In the News — Jan. 8-14, 2011

A powerful predictor of death
– Appearing on the “American Morning” show, Dr. James de Lemos spoke about a new heart test that could help identify hidden heart disease. “This is a test that reflects cardiac muscle cell injury and what we’re detecting here with the blood test is lower levels than previously seen,” the associate professor of internal medicine said. “What we are seeing in the general population are very low levels of chronic damage to the heart.” This protein is called troponin. Stories about the research ran on more than 140 media outlets, including national exposure on ABC News, Voice of America, Business Week and U.S. News & World Report. Internationally, the discovery at UT Southwestern was reported by outlets in more than 15 countries.

How labor begins
– The mysterious start of labor was covered in the newspaper’s popular “Rodent of the Week” column. Clues have trickled in over the last several decades, and a mouse study led by Dr. Carole Mendelson identifies another piece of the puzzle. UT Southwestern scientists discovered that small molecules called microRNAs work with hormones to control the onset of labor. “We’ve been struggling for a long time to understand how progesterone keeps the uterus from contracting during most of pregnancy,” Dr. Mendelson said. “With these findings, we understand better the system that controls labor, so with future research we might have the potential to manipulate it and prevent preterm birth.”

Hidden Diet Disasters – Assistant professor of clinical nutrition Lona Sandon was interviewed by the 3.15 million-circulation magazine about the ingredients people don’t account for in everyday meal selections. Regarding sodium-laden fast-food premium salads, she said, “The worst part is usually the chicken, which is often cooked in a high-sodium marinade for flavor …” On sneaky sugar found in savory items, Ms Sandon observed, “When you remove fat, you also remove moisture, so manufacturers add sugar to retain moisture and flavor.”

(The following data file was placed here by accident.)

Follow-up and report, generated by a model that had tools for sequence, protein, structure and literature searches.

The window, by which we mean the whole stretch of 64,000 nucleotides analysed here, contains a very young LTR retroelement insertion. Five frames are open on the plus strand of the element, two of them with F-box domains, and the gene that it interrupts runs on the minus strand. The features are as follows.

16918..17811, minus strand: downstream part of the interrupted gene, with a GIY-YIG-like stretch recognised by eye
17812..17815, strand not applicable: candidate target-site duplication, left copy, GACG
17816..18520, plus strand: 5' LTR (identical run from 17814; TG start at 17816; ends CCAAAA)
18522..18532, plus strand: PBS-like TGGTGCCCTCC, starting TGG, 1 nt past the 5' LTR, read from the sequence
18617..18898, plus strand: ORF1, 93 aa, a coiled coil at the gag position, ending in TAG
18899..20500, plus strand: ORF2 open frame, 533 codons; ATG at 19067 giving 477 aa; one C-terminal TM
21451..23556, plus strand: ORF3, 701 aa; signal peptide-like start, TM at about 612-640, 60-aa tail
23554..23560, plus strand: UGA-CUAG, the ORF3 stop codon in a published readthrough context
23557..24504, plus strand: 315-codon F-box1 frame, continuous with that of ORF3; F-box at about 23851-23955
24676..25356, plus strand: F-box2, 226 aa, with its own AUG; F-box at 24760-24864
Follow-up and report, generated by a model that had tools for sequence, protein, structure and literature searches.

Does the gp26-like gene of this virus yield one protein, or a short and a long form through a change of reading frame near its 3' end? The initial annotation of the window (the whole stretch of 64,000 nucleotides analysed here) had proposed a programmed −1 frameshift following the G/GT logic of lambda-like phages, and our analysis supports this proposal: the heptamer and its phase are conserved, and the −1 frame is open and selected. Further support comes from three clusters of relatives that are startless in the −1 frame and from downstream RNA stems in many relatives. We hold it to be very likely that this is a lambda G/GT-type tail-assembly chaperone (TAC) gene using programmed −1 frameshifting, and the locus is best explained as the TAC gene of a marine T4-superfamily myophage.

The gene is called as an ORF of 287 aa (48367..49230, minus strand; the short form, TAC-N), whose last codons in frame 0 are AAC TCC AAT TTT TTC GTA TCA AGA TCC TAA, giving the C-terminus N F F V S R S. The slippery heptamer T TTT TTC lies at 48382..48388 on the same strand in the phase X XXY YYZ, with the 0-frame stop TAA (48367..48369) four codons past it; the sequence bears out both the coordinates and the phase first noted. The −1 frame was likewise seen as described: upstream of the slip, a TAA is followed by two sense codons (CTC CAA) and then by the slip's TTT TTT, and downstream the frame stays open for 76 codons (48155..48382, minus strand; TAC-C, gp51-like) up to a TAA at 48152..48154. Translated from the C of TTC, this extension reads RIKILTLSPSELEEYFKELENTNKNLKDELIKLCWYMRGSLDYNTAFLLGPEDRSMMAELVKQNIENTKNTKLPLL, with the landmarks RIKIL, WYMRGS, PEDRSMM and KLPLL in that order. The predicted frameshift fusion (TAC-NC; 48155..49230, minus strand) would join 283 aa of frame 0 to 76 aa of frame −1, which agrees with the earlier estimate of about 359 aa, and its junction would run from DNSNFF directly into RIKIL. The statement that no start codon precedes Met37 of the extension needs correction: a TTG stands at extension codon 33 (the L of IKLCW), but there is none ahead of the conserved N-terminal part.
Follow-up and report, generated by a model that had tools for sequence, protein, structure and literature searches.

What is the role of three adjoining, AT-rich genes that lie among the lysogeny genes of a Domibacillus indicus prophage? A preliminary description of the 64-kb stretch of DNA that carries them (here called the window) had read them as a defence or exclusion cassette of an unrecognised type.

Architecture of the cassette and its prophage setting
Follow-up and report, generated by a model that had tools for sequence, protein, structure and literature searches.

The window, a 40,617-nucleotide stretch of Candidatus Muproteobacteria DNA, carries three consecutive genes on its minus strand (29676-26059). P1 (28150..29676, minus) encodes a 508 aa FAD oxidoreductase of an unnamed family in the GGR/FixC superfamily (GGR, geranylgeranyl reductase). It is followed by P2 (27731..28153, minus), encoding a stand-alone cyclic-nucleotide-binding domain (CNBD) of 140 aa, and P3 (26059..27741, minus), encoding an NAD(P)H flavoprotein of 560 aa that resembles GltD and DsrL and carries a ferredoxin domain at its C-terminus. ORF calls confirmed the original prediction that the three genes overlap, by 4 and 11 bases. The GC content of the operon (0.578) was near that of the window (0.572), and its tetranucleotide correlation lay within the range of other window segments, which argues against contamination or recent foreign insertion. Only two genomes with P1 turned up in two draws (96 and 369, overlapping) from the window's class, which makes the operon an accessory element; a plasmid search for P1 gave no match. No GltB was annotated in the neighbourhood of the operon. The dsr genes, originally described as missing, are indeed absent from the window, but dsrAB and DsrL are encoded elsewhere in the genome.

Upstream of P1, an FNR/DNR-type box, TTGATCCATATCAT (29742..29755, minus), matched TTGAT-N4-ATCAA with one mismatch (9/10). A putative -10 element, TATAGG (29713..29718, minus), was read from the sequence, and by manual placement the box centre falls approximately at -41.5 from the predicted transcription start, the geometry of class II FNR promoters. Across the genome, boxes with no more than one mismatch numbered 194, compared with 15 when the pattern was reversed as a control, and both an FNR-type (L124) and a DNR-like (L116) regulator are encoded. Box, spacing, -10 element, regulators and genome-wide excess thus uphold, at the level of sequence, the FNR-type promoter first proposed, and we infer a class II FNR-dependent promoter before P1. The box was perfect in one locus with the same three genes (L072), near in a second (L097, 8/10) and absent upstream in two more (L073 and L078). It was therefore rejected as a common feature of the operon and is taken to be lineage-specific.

Athlete who benefited from transplant gets chance to thank donor's family – Joey Ianiero and Thomas Pettit will have a lifelong connection. Ianiero’s dream of becoming a pro baseball player was jeopardized by a devastating knee injury he suffered in a game. But his knee has been reconstructed by a donated tendon from a Sherman man who died in a fall. Ianiero, a collegiate player from Pennsylvania, met the family of Mr. Pettit during UT Southwestern’s Transplant Services Center reunion. The event was covered extensively by local media, including KDFW-TV (Fox), KTVT-TV (CBS), KXAS-TV (NBC) and WFAA-TV (ABC).

Your Fanny or Your Face: Do You Have to Choose? – The 1.48 million-circulation publication reported on face-vs.-body issues and included Dr. Rod Rohrich, chairman of plastic surgery, whose 2007 research uncovered more than 20 fat compartments that give the human face its distinction and, in some cases, its begrudged surrender to an aged appearance as fat content is lost. “To maintain youthfulness, the human face begs to have fullness,” Dr Rohrich said.

UT Southwestern, Israeli center partner – Dr. Fiemu Nwariaku, associate dean for global health, was interviewed following the announcement of a joint agreement between UT Southwestern and Rabin Medical Center in Israel. The partnership will allow both institutions to expand their research bases, laying the groundwork for possible public-private business partnerships in D-FW. “An important thing for the business community is that it could leverage some of the funding we have from the government to increase the number of biotechnical companies,” Dr. Nwariaku said. Global partnerships are key to studying medicine since other parts of the globe are exposed to diseases that are nonexistent in the U.S., he said. News of the partnership was carried on more than 180 media outlets, including 11 Texas television stations and network affiliates in 35 states.

Dieting may plant seeds of weight regain – Dr. Jeffrey Zigman, assistant professor of internal medicine, was interviewed for a story about a University of Pennsylvania-based mouse study. The Penn team reported that molecular changes in the brain make mice more susceptible to stress and binge eating long after the diet ends, suggesting the same track for humans and partly explaining the phenomenon of yo-yo dieting in which people repeatedly lose weight, only to regain even more. “This study highlights the difficult road that human dieters often travel to attain and maintain their weight-loss goals,” said Dr. Zigman, an expert in endocrinology, diabetes and metabolism. “It also suggests that management of stress during dieting may be key to achieving those goals.” The story got press coverage from almost 80 outlets, including Los Angeles Times and MSNBC.

Week of Jan. 8-14, 2011 /